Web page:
Three Denver Dining Resolutions for 2016
Dishes outside the traditional canon, like this Korean fried chicken, are making waves nationally as well as in and around Denver.
The Ethniche column began in May 2014 as a deep dive into the city’s international culinary scene, with each month devoted to four or five restaurants serving the cuisine of a specific country, region or culture. After a year, though, I changed tactics, looking instead for less common foods, whether traditional dishes from little-represented countries like Sudan (you can find unique egg and bean dishes at Aurora’s Sudan Cafe) or dishes from well-known countries that are rare here (like the champurrado I found at Tarasco’s New Latino Cuisine); I also compared different versions of dishes at several similar restaurants (an exploration of Sichuan peppercorns at three Chinese restaurants gave me an appreciation for numbing heat).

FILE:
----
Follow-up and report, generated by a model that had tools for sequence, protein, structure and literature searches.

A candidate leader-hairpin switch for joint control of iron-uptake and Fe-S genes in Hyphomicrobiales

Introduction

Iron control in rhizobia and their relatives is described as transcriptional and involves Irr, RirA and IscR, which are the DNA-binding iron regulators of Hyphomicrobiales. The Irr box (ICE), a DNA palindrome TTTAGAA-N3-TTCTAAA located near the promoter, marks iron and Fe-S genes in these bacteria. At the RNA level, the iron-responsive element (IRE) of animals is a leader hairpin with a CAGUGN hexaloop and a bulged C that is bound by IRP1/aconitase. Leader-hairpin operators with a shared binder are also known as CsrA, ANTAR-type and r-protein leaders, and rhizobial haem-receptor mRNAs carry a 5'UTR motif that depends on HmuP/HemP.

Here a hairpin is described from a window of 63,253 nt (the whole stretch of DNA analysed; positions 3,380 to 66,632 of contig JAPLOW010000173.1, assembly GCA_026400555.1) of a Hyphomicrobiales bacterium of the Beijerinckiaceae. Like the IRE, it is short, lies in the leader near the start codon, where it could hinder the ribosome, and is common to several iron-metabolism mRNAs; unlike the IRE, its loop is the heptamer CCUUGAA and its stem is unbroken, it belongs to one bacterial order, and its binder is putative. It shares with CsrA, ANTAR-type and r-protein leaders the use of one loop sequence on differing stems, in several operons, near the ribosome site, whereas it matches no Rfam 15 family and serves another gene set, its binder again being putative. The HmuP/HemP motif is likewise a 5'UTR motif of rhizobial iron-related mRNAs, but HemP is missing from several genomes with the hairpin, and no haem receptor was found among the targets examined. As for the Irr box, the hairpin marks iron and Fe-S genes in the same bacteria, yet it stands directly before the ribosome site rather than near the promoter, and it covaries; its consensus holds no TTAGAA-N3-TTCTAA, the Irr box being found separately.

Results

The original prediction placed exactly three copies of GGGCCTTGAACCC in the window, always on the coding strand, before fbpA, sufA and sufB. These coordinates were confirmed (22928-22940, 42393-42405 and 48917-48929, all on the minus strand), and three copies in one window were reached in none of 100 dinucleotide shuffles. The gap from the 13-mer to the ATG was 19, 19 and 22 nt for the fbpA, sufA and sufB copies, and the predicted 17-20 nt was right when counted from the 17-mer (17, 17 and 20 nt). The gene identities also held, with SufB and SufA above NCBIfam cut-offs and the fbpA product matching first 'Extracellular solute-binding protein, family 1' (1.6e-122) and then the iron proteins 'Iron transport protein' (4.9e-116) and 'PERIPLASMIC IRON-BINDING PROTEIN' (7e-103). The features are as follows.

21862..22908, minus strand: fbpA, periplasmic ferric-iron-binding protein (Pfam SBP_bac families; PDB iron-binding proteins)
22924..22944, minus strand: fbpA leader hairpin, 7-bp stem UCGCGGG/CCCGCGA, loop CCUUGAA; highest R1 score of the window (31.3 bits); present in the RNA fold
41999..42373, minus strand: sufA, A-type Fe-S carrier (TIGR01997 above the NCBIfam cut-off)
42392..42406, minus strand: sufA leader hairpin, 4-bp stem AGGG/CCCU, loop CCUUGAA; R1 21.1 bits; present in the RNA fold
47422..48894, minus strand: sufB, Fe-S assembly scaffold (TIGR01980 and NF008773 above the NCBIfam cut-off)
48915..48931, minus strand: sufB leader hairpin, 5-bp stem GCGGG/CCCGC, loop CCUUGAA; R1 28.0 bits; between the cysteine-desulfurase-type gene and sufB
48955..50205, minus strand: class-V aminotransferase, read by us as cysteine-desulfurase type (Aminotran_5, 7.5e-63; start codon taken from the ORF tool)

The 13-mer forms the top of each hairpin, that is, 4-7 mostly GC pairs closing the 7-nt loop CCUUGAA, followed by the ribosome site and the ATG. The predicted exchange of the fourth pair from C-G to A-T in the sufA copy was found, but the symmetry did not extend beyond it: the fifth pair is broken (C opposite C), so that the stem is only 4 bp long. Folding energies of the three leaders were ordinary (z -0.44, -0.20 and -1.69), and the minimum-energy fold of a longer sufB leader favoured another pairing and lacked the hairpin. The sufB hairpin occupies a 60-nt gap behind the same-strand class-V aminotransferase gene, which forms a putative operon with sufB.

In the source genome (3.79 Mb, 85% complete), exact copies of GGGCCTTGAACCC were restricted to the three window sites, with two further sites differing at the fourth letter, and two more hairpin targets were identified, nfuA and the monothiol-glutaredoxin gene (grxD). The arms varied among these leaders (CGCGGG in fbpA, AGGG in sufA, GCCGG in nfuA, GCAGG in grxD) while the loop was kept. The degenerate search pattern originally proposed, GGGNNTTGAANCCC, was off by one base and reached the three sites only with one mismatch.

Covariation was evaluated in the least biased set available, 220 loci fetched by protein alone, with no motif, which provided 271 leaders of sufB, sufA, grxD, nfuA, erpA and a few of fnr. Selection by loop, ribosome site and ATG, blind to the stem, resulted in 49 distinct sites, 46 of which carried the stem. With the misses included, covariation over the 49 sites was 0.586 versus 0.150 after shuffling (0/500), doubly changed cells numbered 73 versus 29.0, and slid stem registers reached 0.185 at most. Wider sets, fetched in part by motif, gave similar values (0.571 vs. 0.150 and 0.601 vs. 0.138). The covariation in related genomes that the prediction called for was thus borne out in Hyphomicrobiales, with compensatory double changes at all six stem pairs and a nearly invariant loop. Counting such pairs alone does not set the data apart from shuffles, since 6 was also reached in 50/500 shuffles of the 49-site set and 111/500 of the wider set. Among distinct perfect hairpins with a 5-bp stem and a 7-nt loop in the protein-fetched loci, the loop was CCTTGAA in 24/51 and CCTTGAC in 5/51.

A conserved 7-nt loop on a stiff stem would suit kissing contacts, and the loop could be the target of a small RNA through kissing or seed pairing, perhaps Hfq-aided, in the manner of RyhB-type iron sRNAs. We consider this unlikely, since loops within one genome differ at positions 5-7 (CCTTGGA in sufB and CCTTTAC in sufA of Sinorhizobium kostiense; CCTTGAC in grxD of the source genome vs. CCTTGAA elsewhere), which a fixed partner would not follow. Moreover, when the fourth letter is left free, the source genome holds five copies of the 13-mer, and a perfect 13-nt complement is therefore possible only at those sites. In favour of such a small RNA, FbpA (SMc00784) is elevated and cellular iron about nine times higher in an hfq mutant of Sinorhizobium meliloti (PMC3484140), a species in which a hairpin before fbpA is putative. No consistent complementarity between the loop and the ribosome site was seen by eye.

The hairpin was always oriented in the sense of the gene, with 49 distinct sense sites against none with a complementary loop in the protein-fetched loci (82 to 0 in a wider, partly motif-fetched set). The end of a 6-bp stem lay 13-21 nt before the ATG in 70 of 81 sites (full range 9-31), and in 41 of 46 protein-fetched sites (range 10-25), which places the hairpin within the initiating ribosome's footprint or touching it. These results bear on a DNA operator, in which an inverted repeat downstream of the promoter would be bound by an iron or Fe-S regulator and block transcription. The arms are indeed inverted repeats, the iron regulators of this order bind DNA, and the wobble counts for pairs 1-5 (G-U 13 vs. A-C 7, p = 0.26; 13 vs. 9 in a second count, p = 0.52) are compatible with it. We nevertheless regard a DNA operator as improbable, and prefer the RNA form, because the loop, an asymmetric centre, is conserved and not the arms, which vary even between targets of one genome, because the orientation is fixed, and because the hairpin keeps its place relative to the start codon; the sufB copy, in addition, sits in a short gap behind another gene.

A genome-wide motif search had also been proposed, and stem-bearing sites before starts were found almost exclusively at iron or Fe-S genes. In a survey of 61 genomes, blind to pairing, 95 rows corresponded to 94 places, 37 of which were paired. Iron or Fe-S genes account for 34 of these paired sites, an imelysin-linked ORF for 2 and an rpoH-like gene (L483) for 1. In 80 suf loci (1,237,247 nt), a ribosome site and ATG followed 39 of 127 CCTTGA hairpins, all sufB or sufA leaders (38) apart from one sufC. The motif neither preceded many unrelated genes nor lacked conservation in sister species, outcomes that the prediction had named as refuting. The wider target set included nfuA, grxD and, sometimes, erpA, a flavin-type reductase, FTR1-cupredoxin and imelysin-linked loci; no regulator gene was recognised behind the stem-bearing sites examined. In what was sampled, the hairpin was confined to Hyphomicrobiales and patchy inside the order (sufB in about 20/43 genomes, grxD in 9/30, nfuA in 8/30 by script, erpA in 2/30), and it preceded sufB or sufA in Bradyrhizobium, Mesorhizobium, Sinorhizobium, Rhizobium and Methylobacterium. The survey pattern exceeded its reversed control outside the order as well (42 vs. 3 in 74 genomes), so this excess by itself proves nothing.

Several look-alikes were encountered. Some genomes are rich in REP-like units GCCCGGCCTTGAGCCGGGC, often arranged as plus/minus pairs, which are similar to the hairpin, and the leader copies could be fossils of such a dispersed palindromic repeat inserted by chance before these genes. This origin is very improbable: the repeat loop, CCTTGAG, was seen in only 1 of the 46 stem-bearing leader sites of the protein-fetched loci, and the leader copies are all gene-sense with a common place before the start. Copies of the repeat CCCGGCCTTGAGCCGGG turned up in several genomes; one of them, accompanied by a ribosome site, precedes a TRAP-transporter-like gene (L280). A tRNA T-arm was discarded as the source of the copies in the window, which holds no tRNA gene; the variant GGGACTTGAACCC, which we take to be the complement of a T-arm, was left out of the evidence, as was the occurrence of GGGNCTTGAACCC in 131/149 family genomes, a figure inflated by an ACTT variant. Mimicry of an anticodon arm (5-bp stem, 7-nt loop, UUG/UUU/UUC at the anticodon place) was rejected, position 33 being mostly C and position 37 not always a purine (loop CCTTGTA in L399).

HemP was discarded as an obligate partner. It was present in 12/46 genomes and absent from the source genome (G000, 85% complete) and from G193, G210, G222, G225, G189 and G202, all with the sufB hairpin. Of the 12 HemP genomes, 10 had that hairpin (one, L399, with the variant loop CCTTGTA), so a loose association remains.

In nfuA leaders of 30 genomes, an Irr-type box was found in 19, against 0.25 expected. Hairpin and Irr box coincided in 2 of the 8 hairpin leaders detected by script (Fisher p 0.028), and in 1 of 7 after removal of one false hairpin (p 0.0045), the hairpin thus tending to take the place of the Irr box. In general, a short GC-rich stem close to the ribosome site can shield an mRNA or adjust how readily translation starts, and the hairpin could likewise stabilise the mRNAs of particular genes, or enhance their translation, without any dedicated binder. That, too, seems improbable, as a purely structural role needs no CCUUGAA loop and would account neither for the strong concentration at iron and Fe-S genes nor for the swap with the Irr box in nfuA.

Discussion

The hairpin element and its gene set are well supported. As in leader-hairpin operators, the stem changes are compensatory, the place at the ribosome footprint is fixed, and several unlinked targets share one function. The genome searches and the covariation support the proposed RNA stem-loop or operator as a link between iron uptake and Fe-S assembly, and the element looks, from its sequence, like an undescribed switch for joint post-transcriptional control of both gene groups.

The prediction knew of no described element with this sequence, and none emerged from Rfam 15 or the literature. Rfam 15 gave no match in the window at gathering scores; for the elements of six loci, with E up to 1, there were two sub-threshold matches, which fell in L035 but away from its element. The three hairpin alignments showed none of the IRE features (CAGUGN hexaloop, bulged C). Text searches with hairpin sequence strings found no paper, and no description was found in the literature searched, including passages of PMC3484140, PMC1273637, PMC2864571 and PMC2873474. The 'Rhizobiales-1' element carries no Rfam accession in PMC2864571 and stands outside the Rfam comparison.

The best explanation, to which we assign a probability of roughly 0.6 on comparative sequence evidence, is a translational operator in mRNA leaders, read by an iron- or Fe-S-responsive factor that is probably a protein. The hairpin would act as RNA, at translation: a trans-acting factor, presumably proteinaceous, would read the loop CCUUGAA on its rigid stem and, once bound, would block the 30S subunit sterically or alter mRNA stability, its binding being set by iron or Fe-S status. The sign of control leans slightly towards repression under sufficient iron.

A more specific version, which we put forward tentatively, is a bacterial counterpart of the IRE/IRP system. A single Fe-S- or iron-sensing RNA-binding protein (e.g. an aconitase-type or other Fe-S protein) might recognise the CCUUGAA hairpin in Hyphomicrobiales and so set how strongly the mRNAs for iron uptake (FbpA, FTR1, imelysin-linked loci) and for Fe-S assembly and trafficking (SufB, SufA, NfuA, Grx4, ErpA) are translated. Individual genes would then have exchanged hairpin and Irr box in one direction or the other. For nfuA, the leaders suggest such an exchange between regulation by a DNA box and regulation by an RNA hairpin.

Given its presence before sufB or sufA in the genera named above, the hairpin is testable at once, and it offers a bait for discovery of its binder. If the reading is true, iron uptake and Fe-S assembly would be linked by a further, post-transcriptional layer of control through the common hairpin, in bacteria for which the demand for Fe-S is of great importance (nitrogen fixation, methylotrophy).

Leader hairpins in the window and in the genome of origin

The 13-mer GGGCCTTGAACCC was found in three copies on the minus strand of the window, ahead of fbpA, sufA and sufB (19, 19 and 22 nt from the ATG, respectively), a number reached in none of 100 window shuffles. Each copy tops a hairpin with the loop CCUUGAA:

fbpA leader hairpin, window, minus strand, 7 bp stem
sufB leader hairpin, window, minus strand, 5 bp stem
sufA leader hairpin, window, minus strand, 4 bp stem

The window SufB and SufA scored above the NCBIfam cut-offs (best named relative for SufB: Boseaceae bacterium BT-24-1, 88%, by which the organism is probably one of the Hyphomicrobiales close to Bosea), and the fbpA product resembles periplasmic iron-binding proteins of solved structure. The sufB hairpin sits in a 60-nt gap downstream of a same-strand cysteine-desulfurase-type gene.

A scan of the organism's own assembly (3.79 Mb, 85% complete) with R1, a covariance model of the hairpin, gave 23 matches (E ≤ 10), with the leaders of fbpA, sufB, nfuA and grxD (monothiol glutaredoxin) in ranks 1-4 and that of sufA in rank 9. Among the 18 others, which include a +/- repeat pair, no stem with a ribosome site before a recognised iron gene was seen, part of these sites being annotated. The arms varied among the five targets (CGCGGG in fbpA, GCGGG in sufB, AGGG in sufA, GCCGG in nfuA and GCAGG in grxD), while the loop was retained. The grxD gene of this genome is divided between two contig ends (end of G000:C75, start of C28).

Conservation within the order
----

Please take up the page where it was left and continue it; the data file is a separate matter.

As 2015 came to a close, I realized that although I’d eaten my way through Hawaiian Spam rolls, Korean fried chicken, Jamaican oxtail and Southern barbecue in its many permutations, there is still plenty that Denver and its suburbs have to offer that I haven’t even touched — and plenty more coming our way on the culinary horizon.
I’m not a fan of New Year’s resolutions (the pile of unread books at my bedside and receipts for unused gym memberships will serve as evidence), but when it comes to food, I generally find a way to follow through on promises, inspiration and self-motivation. Many Americans have just committed to new diet and exercise regiments that they may or may not uphold, but I’m going in the opposite direction: I vow to eat more than ever in 2016 — not more calories, but with more variety, and from a greater variety of sources.